Ball's other surprising inspiration was Palin, youngish and pretty and up on stage with her family and baby at the 2008 Republican National Convention. (O'Neill also told me an anecdote about her 17-year-old daughter watching that moment and telling her mom that while she'd say different things than Palin up on that stage, she'd be saying them in the same fresh, punchy way.) That's what's actually most striking about Ball's lightning-rod candidacy and the feminist embrace of it: She's the closest thing the left's got right now to a Palin.
It's not just that Ball's young and attractive, plays up her traditional femininity (without styling herself as overtly sexy), and talks at every chance about how concern for her daughter's future is motivating her campaign. Or that her husband, like Todd Palin before him, is an active and supportive but unofficial campaign adviser. It's also her emphasis on fiscal responsibility. She's a CPA but also implies it's the housewifely role of balancing the family books that helps qualify her for reining in wasteful government spending. (Ball's first TV ad is particularly Grizzly-esque, as she herself pointed out to me, though she says it isn't so on purpose.) Or that, like so many of them, she's brand-new to politics but had the jet-propulsive self-confidence to run without waiting her turn.
She might be quick to distance herself from O'Donnell, et al., on the issues, but spoke warmly of their "ordinary person" ethic. And she shares with those candidates a capacity to embrace what others what call embarrassing moments. Take, for instance, Palin's recent comment that "'Mr. Obama, you're next, because now we can see 2012 from our house.'" Palin is not embarrassed by the famous "I can see Russia from my house" line, a Tina Fey joke about the former governor's foreign policy expertise.; she's made it a rallying cry. And while Ball probably won't make dildo jokes any time soon, she's not backing down. As Libby Copeland wrote in response to an informal e-mail poll I put to XXFactor contributors about Ball, "We are quite sensitive to any indication that women candidates are full of themselves. We're still surprised and miffed when they demonstrate gumption unleavened by humility." It's that enviable, admirable chutzpah that has had lefty feminists twisted into pretzels over whether these Mama Grizzlies are feminists; someone like Ball lets them champion the attitude without the complicating factor of conservative beliefs on women's issues.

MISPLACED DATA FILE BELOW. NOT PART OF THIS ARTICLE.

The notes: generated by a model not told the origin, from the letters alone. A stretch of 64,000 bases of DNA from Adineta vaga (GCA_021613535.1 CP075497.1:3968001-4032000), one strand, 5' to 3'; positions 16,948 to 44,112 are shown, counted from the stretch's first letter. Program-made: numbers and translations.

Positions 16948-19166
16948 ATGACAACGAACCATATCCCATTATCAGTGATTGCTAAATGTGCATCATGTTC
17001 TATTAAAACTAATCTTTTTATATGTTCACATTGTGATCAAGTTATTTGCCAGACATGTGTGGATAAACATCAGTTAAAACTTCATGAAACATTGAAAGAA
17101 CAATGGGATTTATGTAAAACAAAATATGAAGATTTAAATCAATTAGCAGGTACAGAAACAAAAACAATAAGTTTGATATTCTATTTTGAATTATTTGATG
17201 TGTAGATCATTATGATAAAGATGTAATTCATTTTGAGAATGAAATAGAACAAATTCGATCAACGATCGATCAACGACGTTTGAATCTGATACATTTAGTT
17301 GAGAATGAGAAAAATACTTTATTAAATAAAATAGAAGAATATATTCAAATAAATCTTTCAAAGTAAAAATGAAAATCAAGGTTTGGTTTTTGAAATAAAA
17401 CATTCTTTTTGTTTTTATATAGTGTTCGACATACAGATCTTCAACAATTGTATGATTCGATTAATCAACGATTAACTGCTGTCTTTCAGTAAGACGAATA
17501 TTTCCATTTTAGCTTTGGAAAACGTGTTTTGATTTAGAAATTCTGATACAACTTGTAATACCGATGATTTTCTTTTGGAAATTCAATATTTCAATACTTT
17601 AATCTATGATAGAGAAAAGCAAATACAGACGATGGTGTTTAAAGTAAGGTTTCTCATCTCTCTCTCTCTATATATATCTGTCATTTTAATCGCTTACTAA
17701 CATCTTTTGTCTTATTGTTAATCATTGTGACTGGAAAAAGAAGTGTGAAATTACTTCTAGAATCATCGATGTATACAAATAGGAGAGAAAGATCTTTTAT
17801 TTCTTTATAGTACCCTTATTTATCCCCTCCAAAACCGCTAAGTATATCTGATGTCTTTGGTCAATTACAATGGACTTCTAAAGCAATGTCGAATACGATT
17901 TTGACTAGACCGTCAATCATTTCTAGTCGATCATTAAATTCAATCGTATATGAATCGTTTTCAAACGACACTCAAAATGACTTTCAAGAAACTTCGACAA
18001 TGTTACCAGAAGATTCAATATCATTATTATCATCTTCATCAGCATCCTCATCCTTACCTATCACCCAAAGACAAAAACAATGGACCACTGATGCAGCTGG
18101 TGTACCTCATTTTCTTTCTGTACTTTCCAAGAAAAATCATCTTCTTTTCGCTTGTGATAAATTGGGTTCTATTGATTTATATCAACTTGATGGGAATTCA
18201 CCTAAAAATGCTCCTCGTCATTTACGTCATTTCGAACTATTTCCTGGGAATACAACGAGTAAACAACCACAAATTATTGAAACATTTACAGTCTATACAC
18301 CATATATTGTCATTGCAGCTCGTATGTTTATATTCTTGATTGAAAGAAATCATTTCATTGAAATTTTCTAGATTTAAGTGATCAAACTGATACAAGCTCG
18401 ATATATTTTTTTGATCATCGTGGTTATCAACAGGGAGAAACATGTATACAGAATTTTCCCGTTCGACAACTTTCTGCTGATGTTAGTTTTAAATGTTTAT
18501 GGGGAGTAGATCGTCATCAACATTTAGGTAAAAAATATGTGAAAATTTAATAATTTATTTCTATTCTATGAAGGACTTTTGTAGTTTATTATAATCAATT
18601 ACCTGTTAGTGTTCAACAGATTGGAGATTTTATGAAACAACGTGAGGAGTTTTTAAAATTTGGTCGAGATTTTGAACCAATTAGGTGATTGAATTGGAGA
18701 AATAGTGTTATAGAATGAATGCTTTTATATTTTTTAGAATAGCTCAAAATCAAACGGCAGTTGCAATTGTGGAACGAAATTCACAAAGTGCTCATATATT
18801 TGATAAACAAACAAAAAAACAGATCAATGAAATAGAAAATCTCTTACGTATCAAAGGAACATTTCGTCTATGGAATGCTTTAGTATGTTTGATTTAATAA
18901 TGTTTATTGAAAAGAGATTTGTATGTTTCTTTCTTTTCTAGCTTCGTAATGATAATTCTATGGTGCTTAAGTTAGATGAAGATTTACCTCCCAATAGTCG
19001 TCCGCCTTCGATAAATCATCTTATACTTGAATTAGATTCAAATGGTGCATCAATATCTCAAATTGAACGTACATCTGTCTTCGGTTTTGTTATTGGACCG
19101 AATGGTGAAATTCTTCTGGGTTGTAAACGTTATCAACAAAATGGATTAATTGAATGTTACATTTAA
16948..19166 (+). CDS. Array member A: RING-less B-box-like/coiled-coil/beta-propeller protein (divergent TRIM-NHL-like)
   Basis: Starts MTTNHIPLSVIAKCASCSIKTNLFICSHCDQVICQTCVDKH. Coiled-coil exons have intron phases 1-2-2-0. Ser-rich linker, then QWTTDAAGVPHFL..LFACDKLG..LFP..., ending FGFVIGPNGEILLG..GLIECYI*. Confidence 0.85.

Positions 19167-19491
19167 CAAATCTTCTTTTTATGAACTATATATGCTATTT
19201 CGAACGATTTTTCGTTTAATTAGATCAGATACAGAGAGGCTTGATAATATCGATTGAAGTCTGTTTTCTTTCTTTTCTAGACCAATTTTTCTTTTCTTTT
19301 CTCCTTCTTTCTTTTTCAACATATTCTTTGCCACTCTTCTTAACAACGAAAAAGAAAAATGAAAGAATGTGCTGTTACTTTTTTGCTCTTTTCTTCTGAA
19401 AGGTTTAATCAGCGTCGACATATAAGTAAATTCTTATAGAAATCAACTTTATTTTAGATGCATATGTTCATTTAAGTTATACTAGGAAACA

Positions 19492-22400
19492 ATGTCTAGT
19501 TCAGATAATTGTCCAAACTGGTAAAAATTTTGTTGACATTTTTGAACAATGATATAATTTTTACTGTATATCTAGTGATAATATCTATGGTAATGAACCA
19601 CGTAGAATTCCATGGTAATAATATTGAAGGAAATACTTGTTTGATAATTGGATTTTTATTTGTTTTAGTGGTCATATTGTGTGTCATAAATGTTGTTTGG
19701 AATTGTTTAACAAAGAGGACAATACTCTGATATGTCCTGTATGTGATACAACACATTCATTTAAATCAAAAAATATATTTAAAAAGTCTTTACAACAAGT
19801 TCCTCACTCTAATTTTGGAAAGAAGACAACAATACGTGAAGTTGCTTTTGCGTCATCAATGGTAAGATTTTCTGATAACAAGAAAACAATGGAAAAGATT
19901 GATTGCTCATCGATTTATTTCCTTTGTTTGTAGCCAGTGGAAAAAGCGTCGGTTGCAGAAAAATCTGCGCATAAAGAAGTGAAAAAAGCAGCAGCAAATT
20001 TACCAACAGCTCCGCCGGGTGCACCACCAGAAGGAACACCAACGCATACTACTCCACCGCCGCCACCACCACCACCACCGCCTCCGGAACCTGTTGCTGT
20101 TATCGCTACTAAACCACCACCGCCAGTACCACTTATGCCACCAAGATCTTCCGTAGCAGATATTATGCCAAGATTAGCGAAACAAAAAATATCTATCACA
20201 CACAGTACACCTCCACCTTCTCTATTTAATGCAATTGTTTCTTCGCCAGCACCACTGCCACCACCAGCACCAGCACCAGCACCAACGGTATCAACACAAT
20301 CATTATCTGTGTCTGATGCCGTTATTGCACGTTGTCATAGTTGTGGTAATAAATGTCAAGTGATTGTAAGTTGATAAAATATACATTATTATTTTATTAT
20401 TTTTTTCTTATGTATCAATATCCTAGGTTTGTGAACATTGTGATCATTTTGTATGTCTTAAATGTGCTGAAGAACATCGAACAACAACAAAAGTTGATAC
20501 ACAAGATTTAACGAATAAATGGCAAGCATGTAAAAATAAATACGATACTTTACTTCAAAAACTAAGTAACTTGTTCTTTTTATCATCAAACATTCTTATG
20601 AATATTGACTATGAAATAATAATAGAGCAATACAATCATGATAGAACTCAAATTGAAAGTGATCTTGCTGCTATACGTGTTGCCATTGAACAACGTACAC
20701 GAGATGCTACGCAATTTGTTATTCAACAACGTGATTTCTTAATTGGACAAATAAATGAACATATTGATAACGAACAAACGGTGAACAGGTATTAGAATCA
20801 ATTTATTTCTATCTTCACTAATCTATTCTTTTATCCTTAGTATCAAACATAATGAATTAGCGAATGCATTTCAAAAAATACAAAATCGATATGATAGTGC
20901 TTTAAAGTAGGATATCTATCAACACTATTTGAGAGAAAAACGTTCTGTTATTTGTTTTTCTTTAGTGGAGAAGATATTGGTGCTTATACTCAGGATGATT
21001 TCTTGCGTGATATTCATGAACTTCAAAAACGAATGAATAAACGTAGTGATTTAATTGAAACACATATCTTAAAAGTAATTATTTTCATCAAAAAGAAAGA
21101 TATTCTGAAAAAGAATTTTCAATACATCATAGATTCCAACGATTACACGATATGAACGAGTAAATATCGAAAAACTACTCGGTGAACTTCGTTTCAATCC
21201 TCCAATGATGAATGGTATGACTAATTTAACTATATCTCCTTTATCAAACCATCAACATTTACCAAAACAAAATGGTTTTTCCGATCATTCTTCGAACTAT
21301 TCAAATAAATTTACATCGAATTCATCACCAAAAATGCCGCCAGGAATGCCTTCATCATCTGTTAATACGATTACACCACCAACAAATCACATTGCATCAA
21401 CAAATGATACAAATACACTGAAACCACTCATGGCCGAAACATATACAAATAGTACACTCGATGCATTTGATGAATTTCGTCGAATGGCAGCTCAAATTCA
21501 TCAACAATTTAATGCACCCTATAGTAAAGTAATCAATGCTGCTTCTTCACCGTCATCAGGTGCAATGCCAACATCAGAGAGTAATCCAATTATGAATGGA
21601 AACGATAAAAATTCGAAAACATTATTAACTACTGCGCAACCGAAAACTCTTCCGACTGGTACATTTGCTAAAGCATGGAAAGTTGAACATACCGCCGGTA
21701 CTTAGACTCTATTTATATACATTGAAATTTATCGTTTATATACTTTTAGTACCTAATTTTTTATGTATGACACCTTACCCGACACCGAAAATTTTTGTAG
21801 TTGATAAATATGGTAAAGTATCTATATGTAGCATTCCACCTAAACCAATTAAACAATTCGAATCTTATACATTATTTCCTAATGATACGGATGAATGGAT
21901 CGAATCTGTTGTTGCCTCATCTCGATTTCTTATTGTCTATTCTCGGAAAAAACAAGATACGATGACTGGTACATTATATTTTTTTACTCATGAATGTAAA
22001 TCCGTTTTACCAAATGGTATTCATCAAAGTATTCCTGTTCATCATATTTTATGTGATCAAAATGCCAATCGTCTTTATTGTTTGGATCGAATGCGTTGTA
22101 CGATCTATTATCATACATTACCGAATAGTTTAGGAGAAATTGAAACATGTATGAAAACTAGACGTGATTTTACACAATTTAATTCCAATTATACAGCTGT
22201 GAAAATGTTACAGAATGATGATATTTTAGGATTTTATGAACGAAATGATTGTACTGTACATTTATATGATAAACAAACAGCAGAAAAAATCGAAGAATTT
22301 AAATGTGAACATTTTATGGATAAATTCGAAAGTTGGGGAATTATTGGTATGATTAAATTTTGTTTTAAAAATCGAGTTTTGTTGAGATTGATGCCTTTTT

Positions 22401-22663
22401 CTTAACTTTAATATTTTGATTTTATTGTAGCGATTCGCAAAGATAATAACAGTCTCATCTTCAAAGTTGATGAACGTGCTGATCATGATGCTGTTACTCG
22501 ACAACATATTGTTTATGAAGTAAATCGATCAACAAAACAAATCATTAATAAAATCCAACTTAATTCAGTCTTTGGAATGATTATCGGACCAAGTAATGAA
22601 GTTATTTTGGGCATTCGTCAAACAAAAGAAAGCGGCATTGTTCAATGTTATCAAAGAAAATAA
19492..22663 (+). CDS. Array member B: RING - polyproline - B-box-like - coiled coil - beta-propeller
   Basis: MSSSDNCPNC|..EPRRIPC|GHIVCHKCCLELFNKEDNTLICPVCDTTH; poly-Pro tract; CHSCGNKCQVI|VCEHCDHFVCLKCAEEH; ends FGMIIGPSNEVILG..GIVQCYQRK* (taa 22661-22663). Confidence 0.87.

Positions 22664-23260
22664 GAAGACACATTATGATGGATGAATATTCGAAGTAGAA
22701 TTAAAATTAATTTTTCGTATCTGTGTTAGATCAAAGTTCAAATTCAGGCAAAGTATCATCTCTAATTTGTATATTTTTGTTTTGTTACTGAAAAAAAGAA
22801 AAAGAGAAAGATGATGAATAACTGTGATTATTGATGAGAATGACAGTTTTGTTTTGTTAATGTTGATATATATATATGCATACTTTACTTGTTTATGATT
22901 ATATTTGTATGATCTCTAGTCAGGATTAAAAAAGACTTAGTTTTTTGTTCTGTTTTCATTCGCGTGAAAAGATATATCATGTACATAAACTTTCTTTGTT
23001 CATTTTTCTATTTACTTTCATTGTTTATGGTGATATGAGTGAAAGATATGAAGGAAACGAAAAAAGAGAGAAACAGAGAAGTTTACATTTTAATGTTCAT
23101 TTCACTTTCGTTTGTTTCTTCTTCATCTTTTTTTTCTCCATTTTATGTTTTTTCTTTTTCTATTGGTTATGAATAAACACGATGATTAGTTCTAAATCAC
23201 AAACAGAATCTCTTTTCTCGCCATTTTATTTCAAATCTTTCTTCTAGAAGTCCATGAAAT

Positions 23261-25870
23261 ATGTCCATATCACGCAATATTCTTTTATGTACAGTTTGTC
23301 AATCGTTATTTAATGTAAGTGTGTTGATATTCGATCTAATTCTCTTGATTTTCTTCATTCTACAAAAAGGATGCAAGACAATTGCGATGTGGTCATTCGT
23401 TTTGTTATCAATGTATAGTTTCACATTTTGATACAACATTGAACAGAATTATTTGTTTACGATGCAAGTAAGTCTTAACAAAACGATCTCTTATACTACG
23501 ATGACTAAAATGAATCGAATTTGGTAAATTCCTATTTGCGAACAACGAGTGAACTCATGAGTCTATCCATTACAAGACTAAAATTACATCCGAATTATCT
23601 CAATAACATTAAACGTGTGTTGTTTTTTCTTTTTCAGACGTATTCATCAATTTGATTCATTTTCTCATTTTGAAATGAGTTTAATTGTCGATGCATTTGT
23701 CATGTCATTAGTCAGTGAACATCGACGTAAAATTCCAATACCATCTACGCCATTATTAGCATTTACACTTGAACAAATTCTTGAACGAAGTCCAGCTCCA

There is the final question of whether women's sexuality belongs anywhere in a campaign, and where those lessons start. As my colleague Dahlia Lithwick wrote in an e-mail, "Everything we do to tell young women that their sexuality (and the public display of their sexuality) makes them serious and powerful strikes me as a losing game." But it seems to me that there's more of a difference in the way you understand the world, and how to be taken seriously in it, between 22 and 28 than there might be at, say, 32 vs. 38. So even if Dahlia is right about the larger point—and I think she probably is—I can't stop myself from cheering a little for Ball.
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